But I urge you to stick around, it might make you think about things a little bit differently. If not for that, at least wait until I use phrases such as ‘twerktacular’ and ‘heavy breathing commentary’. Also look out for me attempting to use ‘correct grammar’ and failing miserably. I’ve just started a MA in Journalism and apparently having a firm grasp on the English language is important or something.

So, in case you haven’t been following the Miley Cyrus twerktacular as closely as I (my interest is purely for research purposes and therefore trawling gossip sites is a totally legitimate use of my time) stuff has been happening. Basically Sinead O’Connor off of the nineties wrote Miley an open letter telling her to cover up her lady bits FOR THE SAKE OF WOMANKIND. To summarise, Sinead reckons that Miley is being played like a tiny nude puppet in the game of universal patriarchy. In other words, she may think she’s in control and liberated but she is in fact simply the victim of an over-sexualised culture which is using her to make lots of money for The Man.

Now, if I had to give it a percentage (and lord knows I’m fantastic at maths) I’d say I’d agree with about 40% of Sinead’s wafflings. The other 60% is simply patronising and, actually, potentially dangerous. I shall explain.

I was recently asked to partake in a live discussion on BBC World Service’s ‘World Have Your Say’ due to my recent article about Miley. When I managed to get a word in edge ways past a lady shouting ‘WHAT ABOUT THE KIDS’ repeatedly, I gave my reasons for supporting her performance. My thoughts on the issue were thus; we live in a truly hypocritical society and the public reaction to her VMA performance is simply slut shaming en masse. By this I mean, we live in a society in which Lad’s Mags fill our supermarkets and pornography infiltrates our entire lives and yet we are OUTRAGED by a woman cavorting on stage in a skimpy outfit. And to clarify, no I do not think the platform she used for this ‘transition’ was suitable due to the average age of the viewers. I also do not agree with the fact women in the public eye feel like they MUST participate in, what seems to be, a competition to see who can wear the least and simulate sex with the most gusto. Because let’s face it, I don’t see any of their male counterparts doing the same. But I found it both amusing and disturbing that the public (eg. the media, social media, actual real people) suddenly became so adamant that Miley was either mental or a big ol’ slut.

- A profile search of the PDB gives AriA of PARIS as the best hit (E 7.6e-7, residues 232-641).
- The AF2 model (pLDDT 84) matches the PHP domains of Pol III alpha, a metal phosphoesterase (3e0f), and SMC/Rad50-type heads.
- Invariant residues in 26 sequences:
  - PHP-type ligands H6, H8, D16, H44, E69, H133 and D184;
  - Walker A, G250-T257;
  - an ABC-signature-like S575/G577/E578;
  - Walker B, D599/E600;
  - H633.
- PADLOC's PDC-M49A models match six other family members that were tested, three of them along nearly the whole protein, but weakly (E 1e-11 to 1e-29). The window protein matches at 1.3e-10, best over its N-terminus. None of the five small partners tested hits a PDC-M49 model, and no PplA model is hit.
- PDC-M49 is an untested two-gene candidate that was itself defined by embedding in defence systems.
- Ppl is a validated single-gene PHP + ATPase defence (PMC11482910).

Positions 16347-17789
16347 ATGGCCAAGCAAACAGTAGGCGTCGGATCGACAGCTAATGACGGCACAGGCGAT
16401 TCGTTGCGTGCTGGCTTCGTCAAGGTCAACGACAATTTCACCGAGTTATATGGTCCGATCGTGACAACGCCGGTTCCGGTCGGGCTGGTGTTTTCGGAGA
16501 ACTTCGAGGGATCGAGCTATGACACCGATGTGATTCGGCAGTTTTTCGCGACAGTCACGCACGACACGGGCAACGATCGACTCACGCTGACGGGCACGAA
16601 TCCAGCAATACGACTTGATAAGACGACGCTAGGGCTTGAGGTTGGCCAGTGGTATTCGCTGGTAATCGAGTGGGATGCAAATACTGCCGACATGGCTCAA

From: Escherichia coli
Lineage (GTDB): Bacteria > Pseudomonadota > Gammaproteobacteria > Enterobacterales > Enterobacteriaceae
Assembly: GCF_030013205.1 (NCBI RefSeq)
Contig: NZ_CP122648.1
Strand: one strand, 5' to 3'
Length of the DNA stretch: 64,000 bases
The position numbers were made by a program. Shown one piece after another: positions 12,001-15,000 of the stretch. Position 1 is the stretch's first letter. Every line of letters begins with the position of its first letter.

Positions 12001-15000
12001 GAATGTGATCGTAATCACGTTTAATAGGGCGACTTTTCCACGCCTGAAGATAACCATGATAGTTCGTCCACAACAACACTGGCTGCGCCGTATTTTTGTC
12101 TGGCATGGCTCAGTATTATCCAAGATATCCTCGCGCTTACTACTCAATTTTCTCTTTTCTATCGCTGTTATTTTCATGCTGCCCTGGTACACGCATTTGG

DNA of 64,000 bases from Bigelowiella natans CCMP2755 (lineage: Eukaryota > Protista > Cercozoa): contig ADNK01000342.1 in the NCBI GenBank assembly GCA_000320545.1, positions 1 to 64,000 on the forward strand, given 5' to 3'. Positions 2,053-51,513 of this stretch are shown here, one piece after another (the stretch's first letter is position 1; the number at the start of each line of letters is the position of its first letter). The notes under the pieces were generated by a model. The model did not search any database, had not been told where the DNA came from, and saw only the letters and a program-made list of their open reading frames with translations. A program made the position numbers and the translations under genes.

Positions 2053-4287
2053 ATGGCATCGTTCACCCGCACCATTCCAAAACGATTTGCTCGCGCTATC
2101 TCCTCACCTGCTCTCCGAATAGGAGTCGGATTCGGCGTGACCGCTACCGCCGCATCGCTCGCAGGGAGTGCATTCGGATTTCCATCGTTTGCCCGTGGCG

If you’ve read any of my previous blog posts (and if so- THANKS) you may at this point be scratching your head saying ‘waaaaaait, but I thought she is all anti Page 3- so why not anti Cyrus?’ Take it or leave it, the way I see it is this. People flipping love sex. It is pervasive. We want to watch it, read about it, talk about it. But the thing is, people only really love sexuality when it comes in a neat little package of socially acceptable barriers. Humans are funny little creatures; we don’t like things that are new. New is scary, new is a threat. People like the female form when it appears when we want it to, preferably packaged into a credible (LOL)  newspaper where we can tell ourselves it’s ‘part of our culture’. We like the way the woman stands there, not saying anything, just showing us the goods. It’s uncomplicated and expected. Things we don’t appreciate are women (who we’ve already put into the ‘good girl’ category) storming on stage in nude latex underwear and short nineties hair doing unspeakable things with a foam finger. And we wonder why she’s embarrassing uber gent Robin Thicke in such a way – ‘I don’t remember the girls in the video doing that!’

As a culture we like women who fit gracefully into the realms dictated by the male gaze. We like pretty, sexy women with flowing hair and nothing much to say. Miley is not one of these women (anymore) and it makes us feel confused, angry and ultimately, threatened.

Now, personally I don’t find seeing a woman dance around half naked empowering and/or liberating (there’s the 40%) but I think we start edging towards dangerous ground if we, a la Sinead, start dictating what women should wear and how they should act. The Sun tells us we should be voiceless sex objects in one breath (Page 3) and tells Miley to cover up in the next. The Daily Mail critiques Muslim women for wearing the Hijab on the one hand yet the Sidebar of Shame makes its feelings about women’s ‘revealing’ outfits pretty clear with its heavy breathing commentary. Even though Sinead’s letter made me slightly queasy, the discourse it’s creating makes me feel like maybe people are starting to see the shiny feminist light. So, carrying on in the vein of telling women what to do (I’m allowed), perhaps we should start with DO WHATEVER YOU WANT. Because, frankly, as long as you can deal with yourself late at night, do whatever the hell makes you happy. For me? It’s dying my hair ginger and dressing like a glorified grandma.


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